Windows Phone Developer “Company” Accounts and Symantec Verification

I’ve noticed an issue with my personal business’ Windows Phone Developer account lately.  Every time I sign into the dashboard, and try to submit a new app, I get the “Account Summary” page instead:

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There wasn’t any useful information on the page though that told me why I was seeing that instead of my App Submission page.  My account was current, no obvious issues, etc.

I used the “Support” link at the bottom of the Windows Phone Dev Center page, and then clicked the “Submit a support ticket” link, then filled in my issues, and click the link to Start a Live Chat…

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The support rep was very helpful, and as it turns out that since my account is a “Company” account (not an individual), it was undergoing an annual account verification with Symantec.  Microsoft uses Symantec to verify the identities of the company developer accounts.  You can learn more about that here:

Symantec Validation for Company Accounts
and
Microsoft Developer Services Identity Validation

For support from Symantec on your verification status, go to:

Microsoft Developer Identity Validation Support with Symantec (http://go.symantec.com/microsoft-chat-support)

Fill in the form there, and you can enter a live support chat with Symantec:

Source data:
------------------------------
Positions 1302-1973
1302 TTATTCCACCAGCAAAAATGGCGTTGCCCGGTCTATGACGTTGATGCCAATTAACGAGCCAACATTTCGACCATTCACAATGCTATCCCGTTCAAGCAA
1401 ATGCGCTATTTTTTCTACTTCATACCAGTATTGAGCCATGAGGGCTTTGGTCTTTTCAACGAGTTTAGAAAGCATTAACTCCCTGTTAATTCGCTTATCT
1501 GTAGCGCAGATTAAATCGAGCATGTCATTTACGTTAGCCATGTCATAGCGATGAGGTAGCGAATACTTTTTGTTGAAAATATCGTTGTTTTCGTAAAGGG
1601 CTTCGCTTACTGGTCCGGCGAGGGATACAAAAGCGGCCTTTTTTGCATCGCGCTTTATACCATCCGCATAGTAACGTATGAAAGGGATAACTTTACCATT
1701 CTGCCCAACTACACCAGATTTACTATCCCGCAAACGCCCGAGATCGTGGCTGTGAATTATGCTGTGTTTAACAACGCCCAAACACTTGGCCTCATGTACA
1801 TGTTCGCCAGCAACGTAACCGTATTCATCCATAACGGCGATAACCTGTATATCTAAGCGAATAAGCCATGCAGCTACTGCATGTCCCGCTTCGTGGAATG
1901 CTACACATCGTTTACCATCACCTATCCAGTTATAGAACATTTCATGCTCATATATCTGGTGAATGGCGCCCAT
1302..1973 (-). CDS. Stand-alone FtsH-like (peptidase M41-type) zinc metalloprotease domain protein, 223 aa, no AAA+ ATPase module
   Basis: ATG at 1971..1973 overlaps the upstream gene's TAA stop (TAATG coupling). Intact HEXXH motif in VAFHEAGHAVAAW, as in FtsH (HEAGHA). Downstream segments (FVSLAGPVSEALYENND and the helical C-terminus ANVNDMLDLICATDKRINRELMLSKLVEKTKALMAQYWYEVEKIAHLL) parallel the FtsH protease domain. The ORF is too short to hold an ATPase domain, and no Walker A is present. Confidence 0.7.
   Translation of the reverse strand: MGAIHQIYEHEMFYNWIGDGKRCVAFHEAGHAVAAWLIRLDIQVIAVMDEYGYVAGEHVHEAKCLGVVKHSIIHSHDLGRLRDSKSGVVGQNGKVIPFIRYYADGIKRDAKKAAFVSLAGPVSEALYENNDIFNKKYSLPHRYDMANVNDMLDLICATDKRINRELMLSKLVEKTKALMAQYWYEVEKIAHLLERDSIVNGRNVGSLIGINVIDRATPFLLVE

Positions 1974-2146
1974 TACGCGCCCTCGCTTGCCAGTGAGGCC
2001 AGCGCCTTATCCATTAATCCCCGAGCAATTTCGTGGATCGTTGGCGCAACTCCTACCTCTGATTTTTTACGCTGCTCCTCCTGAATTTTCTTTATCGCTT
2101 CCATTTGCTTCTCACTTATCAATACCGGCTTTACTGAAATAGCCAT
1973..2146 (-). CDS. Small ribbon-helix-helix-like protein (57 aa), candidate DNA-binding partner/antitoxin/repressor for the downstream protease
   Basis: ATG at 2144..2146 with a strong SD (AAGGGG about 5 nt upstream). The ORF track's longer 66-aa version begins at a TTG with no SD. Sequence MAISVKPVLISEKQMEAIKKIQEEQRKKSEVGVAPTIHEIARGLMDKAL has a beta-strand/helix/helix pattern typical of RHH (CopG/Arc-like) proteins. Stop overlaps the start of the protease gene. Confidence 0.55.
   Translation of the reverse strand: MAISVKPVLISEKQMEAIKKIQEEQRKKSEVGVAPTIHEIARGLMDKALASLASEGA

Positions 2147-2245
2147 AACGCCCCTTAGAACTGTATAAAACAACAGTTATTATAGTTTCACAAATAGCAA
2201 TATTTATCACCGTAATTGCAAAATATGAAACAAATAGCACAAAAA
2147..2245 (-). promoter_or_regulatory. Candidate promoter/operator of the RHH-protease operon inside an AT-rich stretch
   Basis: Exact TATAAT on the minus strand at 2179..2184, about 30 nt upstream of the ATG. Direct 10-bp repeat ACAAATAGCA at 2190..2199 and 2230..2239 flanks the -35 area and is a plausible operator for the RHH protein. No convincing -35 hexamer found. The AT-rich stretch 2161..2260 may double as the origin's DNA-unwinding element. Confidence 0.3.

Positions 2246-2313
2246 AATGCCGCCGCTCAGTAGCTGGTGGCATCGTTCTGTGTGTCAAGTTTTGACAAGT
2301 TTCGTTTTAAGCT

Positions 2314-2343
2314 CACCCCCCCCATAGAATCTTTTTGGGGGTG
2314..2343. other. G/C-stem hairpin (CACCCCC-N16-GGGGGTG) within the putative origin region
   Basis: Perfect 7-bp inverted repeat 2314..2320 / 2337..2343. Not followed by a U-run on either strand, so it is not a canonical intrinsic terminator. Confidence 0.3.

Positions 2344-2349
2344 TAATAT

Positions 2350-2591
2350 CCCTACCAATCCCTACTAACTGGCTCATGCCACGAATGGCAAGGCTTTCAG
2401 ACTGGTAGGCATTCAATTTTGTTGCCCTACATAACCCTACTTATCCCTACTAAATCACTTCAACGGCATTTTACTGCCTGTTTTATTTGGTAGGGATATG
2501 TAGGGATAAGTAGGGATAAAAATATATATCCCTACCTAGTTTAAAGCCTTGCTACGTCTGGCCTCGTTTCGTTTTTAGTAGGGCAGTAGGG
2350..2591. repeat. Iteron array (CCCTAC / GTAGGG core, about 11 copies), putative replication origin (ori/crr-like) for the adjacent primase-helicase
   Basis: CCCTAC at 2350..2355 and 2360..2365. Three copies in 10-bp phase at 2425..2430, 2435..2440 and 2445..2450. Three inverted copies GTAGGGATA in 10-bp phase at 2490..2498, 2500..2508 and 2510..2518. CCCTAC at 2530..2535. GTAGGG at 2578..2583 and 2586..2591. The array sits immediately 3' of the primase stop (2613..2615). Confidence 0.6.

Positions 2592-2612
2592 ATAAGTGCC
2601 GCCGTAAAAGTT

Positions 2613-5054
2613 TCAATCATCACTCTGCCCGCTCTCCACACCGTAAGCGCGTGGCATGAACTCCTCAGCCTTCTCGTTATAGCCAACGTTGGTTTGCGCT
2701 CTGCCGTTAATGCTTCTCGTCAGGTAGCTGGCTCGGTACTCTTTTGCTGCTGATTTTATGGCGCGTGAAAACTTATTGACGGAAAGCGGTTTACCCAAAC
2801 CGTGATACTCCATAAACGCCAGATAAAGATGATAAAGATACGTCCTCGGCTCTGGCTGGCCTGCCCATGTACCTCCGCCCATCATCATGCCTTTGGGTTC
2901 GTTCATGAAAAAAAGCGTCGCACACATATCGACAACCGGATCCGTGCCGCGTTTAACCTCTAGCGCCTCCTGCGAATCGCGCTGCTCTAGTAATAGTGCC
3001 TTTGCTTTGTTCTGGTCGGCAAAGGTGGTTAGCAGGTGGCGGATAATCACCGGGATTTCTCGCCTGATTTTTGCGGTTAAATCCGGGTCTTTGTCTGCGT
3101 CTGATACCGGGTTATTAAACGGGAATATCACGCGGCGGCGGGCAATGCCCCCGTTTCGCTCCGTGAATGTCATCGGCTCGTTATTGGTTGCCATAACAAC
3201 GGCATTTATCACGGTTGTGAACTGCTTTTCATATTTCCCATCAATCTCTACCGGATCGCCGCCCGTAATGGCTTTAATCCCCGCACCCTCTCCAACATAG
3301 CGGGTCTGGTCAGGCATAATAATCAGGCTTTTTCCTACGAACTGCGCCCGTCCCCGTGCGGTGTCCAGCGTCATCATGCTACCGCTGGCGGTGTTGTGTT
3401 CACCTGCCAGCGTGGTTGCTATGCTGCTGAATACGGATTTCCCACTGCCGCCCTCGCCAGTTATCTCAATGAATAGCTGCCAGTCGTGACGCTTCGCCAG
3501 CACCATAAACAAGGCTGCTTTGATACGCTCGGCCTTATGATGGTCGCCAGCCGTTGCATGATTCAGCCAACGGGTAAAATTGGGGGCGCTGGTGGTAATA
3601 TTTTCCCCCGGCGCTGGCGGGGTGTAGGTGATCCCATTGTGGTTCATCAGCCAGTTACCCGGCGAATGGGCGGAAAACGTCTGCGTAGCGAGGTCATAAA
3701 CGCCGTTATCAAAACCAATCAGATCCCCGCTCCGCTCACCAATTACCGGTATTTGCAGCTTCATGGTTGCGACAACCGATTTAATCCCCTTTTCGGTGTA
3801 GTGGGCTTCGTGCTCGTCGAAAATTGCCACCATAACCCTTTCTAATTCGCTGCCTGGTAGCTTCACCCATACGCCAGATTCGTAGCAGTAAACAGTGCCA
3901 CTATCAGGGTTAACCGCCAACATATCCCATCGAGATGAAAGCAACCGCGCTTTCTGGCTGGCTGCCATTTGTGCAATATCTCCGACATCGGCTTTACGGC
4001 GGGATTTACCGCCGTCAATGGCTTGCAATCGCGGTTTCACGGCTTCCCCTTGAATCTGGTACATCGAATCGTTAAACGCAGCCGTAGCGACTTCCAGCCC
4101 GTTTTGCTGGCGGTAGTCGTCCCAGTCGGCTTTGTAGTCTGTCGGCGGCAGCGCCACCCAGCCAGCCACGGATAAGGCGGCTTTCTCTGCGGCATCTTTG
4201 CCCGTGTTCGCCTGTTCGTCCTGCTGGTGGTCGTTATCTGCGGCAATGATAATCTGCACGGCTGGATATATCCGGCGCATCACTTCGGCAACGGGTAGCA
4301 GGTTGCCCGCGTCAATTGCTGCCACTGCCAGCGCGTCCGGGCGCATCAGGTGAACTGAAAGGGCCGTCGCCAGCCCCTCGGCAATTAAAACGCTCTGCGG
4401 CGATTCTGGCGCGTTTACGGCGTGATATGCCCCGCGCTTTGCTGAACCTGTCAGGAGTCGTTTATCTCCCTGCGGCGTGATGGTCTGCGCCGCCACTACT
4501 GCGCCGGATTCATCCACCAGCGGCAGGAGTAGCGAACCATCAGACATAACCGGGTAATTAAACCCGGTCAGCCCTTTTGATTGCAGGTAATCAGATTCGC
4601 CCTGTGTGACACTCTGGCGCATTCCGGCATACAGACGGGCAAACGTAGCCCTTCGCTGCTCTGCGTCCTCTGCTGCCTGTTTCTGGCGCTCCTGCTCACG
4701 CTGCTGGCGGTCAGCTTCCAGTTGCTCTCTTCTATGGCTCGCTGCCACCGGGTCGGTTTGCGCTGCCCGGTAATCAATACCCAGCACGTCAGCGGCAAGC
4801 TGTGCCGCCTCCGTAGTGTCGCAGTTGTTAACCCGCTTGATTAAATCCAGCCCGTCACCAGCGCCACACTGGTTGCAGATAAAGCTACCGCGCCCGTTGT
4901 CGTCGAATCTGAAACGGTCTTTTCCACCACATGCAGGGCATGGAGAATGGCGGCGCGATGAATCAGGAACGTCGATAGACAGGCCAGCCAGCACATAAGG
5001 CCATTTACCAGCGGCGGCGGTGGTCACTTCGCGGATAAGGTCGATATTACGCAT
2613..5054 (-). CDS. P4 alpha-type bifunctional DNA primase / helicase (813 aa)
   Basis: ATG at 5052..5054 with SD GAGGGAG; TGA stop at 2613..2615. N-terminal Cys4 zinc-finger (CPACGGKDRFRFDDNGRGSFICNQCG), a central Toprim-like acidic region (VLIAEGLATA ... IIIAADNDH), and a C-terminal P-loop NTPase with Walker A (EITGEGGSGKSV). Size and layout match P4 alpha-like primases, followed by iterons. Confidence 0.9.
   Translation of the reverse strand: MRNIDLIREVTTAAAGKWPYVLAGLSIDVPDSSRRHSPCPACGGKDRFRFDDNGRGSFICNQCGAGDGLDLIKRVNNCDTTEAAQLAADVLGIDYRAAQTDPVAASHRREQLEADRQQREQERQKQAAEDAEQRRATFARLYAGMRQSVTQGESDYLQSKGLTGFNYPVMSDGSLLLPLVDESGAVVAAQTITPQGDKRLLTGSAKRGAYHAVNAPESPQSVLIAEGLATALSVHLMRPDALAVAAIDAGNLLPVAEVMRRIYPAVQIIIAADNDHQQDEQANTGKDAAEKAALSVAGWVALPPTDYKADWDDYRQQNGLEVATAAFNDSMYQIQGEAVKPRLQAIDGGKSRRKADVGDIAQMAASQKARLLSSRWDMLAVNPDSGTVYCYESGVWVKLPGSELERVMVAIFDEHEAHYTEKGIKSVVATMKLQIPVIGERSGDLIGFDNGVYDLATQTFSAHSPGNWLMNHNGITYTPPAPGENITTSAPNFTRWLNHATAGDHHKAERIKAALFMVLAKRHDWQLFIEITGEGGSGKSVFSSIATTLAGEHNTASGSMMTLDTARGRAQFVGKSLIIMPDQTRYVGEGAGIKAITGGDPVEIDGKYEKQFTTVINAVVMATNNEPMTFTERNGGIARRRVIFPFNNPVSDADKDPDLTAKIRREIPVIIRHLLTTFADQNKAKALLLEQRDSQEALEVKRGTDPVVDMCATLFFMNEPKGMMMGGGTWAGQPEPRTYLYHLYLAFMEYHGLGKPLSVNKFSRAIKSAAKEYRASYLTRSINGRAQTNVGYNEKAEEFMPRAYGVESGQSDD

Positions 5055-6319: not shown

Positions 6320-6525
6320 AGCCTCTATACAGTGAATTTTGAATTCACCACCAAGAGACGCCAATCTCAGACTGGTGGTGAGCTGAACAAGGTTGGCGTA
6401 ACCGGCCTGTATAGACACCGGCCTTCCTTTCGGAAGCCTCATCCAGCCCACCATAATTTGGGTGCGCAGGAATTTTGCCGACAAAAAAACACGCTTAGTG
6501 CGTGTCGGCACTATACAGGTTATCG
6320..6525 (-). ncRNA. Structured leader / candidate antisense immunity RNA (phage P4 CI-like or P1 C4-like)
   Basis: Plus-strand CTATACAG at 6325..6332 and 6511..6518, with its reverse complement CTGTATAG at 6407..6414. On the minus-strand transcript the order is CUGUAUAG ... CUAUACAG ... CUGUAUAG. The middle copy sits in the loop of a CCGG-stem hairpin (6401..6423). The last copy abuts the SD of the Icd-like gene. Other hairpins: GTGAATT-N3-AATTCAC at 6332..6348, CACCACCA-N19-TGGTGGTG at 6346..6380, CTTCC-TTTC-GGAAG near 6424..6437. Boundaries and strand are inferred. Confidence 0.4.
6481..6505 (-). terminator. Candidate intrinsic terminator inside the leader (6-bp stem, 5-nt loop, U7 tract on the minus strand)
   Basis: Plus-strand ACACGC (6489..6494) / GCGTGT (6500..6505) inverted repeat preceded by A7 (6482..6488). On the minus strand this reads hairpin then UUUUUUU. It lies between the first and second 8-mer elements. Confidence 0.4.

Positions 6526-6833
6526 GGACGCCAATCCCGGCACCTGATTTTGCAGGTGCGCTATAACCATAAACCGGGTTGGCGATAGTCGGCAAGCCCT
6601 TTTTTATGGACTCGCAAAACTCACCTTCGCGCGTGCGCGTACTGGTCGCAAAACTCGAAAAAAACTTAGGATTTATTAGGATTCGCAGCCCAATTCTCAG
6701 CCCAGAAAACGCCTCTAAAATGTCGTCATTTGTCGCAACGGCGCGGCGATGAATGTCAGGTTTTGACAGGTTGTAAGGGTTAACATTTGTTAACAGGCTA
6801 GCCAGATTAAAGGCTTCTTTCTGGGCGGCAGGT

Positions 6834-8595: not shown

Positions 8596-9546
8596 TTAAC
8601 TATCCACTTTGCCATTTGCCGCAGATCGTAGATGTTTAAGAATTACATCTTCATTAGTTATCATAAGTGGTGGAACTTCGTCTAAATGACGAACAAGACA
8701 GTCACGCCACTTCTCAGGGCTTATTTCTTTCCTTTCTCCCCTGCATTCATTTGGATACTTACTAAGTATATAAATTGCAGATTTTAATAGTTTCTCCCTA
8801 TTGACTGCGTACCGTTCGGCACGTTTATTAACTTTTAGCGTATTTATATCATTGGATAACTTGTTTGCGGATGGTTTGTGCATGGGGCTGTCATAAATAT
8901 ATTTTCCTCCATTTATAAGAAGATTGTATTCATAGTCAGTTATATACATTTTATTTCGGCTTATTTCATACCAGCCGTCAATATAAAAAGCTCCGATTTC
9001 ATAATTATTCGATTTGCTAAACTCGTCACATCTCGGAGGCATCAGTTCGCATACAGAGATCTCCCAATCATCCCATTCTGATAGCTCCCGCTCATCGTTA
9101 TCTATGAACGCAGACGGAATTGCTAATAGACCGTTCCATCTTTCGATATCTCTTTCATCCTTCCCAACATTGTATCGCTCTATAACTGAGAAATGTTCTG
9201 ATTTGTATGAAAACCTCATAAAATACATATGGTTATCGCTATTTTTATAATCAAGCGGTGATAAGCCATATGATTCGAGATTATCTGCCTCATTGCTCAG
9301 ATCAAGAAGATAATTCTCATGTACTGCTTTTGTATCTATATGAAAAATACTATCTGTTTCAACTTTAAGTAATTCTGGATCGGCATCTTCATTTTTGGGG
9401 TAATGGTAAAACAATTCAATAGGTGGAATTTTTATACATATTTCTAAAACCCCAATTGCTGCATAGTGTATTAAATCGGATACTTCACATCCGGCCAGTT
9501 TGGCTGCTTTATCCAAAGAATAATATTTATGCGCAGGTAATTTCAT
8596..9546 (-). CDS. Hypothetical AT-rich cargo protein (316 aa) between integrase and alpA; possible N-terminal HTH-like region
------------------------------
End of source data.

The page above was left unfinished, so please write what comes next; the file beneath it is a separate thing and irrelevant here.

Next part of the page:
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I gave the Symantec rep my Windows Phone Developer Account’s Publisher Name, and they were able to find my record and work with me (which for me included them calling the phone number associated with my publisher account) to verify my information was correct.

It turns out that my account has actually been in the “verification” phase for some time, and that I just ignored the email from *@symantec.com because I don’t use any of their products.  Point being, if you have a “Company” Windows Phone Developer account, make sure to monitor that email address associated with your account for annual verification emails from Symantec.  If I was more on top of my communications, I would have caught it earlier.  I just wish the developer center page was more informative of what the problem was.

It did take about 4-5 hours after my chat with Symantec before the fix made it through, but it eventually did, and now I can submit apps!